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MHD Cell injury, death, response


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What can an injury do?
it can disrupt the chemical processes of the cell or directly damage the chemical components of the cell
What are the general catagories of injuries?
hypoxia, physical, chemical, immunologic, biological, genetic, nutritional, aging degeneration
What happens when a cell is injured?
it changes function and structure for adaption
What are the four vulnerable biochemical systems?
cell membranes, aerobic respiration, ptn synthesis, genetic material
What biochemical changes determin degree of cel injury or induction of cell death?
depletion of ATP, oxygen deprivation or O2 free radicals, Ca Concentration, defective cell membrane permeability
Why do you get cellular swelling with hypoxia?
because dec in ATP production leads to a dysfunction of the Na pumps, Na inc inside the cell, H2O follows
What happens with an inc in IC Ca?
altered membrane permeability and activiation of IC enzymes
What are the types of free radicals?
O2 related, non-O2 related
What are the O2-related free radicals?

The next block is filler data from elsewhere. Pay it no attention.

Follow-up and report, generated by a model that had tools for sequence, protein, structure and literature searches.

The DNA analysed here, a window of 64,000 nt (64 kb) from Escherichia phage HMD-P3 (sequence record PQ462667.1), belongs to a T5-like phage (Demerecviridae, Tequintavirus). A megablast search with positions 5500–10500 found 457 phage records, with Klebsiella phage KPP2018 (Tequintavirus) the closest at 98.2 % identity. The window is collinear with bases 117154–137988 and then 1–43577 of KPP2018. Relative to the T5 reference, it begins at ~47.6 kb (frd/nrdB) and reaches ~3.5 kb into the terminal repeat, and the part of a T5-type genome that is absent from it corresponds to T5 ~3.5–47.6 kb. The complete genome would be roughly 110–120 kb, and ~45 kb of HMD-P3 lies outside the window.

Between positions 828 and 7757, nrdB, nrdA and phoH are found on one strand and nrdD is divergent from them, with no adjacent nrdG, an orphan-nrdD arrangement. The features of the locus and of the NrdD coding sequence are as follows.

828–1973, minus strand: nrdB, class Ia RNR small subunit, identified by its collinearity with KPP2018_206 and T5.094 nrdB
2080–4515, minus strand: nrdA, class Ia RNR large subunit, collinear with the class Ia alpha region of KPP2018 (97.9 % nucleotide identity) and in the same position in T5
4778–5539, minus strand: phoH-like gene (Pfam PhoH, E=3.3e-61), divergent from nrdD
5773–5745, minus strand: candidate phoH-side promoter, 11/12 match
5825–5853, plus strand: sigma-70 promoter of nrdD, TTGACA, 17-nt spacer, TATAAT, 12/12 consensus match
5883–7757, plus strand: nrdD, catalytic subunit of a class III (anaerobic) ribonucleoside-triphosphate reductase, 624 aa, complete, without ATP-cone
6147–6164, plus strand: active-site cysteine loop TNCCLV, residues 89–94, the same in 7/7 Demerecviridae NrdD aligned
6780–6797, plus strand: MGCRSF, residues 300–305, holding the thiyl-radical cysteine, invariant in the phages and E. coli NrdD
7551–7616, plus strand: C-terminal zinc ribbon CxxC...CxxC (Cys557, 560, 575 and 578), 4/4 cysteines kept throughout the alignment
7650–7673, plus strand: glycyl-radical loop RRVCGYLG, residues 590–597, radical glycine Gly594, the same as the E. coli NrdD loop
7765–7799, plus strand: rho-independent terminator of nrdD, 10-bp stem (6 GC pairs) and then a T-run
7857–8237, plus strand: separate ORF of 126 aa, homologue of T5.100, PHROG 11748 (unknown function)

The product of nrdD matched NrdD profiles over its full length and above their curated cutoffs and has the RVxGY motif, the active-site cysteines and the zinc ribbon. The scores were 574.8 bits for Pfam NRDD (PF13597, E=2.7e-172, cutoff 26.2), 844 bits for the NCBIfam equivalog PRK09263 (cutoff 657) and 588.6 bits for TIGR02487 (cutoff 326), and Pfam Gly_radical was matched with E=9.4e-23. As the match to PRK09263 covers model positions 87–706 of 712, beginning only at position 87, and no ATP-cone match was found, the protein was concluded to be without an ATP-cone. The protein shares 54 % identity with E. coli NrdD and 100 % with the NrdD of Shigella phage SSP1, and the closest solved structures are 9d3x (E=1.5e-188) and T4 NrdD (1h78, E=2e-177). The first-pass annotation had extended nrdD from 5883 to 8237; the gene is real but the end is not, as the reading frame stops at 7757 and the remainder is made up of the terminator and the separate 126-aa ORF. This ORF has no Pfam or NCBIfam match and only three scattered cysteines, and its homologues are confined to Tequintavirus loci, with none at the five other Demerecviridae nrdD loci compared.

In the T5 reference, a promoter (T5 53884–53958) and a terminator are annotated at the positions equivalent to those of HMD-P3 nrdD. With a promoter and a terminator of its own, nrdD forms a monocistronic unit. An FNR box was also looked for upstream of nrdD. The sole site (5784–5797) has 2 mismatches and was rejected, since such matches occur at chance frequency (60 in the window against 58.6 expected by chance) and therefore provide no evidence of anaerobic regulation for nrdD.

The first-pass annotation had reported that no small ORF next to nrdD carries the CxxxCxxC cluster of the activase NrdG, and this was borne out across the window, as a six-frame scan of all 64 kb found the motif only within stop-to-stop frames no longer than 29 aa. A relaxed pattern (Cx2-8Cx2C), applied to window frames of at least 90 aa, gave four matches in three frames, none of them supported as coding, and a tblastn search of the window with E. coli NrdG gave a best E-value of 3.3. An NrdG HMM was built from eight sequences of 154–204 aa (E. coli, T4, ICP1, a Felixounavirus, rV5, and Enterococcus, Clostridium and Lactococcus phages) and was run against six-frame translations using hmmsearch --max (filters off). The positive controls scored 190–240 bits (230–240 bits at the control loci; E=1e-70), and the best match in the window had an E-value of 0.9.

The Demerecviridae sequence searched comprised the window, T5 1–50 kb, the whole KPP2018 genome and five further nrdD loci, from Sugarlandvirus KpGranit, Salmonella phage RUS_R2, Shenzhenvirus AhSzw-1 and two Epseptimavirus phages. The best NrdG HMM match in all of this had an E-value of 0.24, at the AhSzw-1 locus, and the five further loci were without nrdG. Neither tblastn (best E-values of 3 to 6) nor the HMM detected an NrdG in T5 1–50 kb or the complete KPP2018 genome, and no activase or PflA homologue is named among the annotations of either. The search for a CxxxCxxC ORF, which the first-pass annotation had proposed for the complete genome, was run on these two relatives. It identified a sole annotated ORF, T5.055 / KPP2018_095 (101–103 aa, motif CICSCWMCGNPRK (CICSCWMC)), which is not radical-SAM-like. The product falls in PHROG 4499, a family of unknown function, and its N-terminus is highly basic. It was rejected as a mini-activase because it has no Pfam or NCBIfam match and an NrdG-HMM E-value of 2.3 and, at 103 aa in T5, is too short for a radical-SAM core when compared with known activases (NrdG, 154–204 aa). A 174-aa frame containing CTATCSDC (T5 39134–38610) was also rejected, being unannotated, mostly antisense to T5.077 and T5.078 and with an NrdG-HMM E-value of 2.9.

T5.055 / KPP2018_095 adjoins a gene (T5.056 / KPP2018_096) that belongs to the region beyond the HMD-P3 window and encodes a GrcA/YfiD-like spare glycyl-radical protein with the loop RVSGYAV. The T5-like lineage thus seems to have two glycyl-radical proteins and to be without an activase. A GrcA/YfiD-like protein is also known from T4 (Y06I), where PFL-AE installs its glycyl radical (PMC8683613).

superoxide, hydrogen peroxide, hydroxyl radical
How do free radicals cause cell damage?
lipid peroxidation of membranes, nonperoxidative mitoch damage, lesions to DNA, cross link proteins
What is the most common causes of steatosis?
What are the reversible cell injuries?
cell swelling and steatosis (fatty changes)
What is the irreverisble cell injury?
apoptosis or necrosis
What happens in apoptosis?
nuclear condensation and fragmentation, cytoplasm forms apoptotic bodies, phagocytosis, no immune Rx,
When is apoptosis normal?
embryogensis, hormone dependent physiologic involution, death in proliferating cell populations, immune-related cell death
What is necrosis?
structural changes in nucleus and ytoplasm, leukocytes are present, enzymatic breakdown of the cell and denaturation of ptns
What is coagulation necrosis?
with severe ischemia in kidney and heart, leaves ghost-like remnants of intact cells lacking nuclei, outline is preserved, cytoplasm in intensly pink
Which necrosis has an intensly pink nucleus?
Which necrosis happens in solid organs?
What is liquifactive necrosis?
associated with bacterial infections, soft tissues, neutrophils, dead cells, liquid, abscess
Which necrosis is assocated with baterial infections?
Which necrosis happens in soft tissues?
What is caseous necrosis?
granuloma, amorphous, granular debris in center of granulomatous cell recction, resembles cheese curds?
Which necrosis is associated with TB?
Which necrosis looks like cheese curds?
What is enzymatic fat necrosis?
focal cell death in pancreas and surrounding fat, lipase is released and digest fat, fatty acids combine with Ca to form insoluble soaps
Which organ is associated with enzymatic fat necrosis?
How does enzymatic fat necrosis work?
pancreas spills lipases, lipases cleave fat in adjacent cells, fatty acids bind with Ca, leave soap
What is gangrene?
coagulation necrosis of an extremity can be lquefactive by bacteria contaminate

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